Moving Forward: #PostCovidEngagement
Anston Ratnayake and Sam Noakes, City of Canterbury-Bankstown
2020 has rapidly transformed technology and forced organisations, networks, and software to develop and adapt to the needs of the community they service. This takes us to “Digital engagement” – now everyone would have a definition for that, and some keen community engagers might even runaway at the sound of that. However, COVID-19 has tested the best of community engagement, and everyone in this sphere is feeling the pressure to build on digital engagement.
One thing we need to realise is that digital engagement can be a very ambiguous term and it shifts depending on who the end user is. As a council, our end user is our community, whereas a goods and service company would picture their end user as a customer who needs to be engaged so they will keep purchasing their product. The key is to understand your end user and how digital engagement will be impacting them, while also getting quality responses/results in your engagement.
As a council, Canterbury Bankstown (CBCity) has committed themselves to better decision making for the community that is based on values and goals. Our Local Government Area (LGA) is diverse in all sense of demographics and geographic, and in 2020 we are even more committed to ensuring that our residents and business owners are informed and have opportunities to contribute to shaping Council projects, plans and decisions without leaving their premises or if they choose not to attend major physical engagement activities.
Gamification (sometimes referred to as playerfication) can achieve just that, while capturing the vision of the community in a virtual environment and letting their creativity flow. We all know games are fun – rules are defined, the process is engaging for the user and the results are immediate to the engager. To acknowledge communities and users intangible labour with intangible rewards “Gamification” can create instances of loyalty with game-like language, including experience points (XP), badges or even leader boards. CBCity begun the transformation of engagement in March 2020, by changing how the community interacted with council, participating in a community project, commenting on improvements, and coming together as a community during the pandemic. In doing so, we supported the community to participate in interactive online activities that added the value of social (based around doing things as a family), while concurrently helping the community understand the processes within local government and building on the relationship between council and community – an opportunity for successful collaboration amongst such uncertain times.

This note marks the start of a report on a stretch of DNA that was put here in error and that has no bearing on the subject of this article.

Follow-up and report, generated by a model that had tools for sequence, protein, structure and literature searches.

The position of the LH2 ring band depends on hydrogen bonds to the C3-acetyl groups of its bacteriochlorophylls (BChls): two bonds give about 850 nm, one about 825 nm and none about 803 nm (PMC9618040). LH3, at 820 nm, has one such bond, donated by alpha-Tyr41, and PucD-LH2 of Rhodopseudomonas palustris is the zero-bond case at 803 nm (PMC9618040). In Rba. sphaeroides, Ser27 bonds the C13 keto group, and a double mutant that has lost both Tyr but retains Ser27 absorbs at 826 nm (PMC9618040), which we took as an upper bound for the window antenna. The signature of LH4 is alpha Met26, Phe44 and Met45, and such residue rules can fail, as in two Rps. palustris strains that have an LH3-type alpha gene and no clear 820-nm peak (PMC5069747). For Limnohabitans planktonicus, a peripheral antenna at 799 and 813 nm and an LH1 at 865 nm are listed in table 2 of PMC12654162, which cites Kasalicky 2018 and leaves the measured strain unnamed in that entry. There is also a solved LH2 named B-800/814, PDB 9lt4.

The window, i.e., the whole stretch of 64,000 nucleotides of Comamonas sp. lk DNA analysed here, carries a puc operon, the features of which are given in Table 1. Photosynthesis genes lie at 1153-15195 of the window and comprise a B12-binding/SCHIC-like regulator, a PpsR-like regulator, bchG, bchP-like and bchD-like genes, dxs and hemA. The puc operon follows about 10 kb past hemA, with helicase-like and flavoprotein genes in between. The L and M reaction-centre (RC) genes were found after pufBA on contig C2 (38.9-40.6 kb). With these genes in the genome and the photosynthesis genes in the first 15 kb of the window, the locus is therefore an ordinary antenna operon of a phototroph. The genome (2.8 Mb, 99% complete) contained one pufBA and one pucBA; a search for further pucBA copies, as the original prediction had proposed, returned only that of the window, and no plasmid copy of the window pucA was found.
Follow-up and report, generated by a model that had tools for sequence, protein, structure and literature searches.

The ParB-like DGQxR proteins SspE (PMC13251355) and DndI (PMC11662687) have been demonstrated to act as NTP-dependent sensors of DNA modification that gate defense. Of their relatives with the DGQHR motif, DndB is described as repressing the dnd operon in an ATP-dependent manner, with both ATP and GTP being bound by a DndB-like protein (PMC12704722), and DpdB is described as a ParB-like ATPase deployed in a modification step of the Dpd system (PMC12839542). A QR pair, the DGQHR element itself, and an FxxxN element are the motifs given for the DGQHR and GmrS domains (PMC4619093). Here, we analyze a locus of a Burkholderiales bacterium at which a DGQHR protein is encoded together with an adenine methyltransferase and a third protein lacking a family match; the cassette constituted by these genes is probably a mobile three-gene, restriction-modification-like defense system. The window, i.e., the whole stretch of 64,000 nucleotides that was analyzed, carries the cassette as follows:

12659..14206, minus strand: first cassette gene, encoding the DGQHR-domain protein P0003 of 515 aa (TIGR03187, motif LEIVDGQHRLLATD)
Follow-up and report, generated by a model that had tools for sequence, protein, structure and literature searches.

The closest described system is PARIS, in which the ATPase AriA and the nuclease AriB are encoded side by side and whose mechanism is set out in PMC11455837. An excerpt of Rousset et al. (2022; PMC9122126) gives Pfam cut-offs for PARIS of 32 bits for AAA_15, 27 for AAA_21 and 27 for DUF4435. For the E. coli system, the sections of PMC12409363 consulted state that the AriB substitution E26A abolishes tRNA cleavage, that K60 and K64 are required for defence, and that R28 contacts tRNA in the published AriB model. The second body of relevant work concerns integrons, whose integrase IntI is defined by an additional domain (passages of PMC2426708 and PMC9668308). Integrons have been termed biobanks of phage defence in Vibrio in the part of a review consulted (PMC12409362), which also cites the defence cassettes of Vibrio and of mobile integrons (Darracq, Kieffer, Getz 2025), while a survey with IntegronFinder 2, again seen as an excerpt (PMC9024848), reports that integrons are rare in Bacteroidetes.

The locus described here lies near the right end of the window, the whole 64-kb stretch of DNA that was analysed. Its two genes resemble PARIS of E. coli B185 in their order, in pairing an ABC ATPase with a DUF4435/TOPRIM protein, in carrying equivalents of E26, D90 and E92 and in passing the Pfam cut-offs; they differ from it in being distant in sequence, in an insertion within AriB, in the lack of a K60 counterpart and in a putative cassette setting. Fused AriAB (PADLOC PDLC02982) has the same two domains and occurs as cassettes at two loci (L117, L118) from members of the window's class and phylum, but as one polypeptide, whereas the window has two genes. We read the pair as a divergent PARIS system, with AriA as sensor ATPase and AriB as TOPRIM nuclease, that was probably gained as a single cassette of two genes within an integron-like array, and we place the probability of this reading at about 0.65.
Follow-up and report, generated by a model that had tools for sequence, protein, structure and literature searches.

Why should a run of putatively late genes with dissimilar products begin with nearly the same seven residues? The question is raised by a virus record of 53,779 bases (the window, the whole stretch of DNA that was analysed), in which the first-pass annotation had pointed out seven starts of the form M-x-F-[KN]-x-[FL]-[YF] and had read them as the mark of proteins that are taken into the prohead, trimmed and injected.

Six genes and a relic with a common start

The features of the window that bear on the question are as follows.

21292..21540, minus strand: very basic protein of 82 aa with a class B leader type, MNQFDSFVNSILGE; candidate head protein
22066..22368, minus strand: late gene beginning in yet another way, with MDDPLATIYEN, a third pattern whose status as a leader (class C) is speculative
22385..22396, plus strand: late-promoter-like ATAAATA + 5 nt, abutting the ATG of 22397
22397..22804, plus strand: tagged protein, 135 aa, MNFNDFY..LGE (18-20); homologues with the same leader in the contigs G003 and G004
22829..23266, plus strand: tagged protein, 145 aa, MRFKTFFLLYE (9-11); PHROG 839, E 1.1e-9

CBCity council has created this structure in several projects including Parry Park Play space Project in Community Engagement as well as the recent Careers+ program within our major events calendar. These two projects, with the onset of COVID-19 social restrictions, presented to the community as a fully online experience. In any case, we believe that organisations should aim to achieve 1 of if not all 4 outcomes when involving the community in the decision-making process through gamification of a process/project.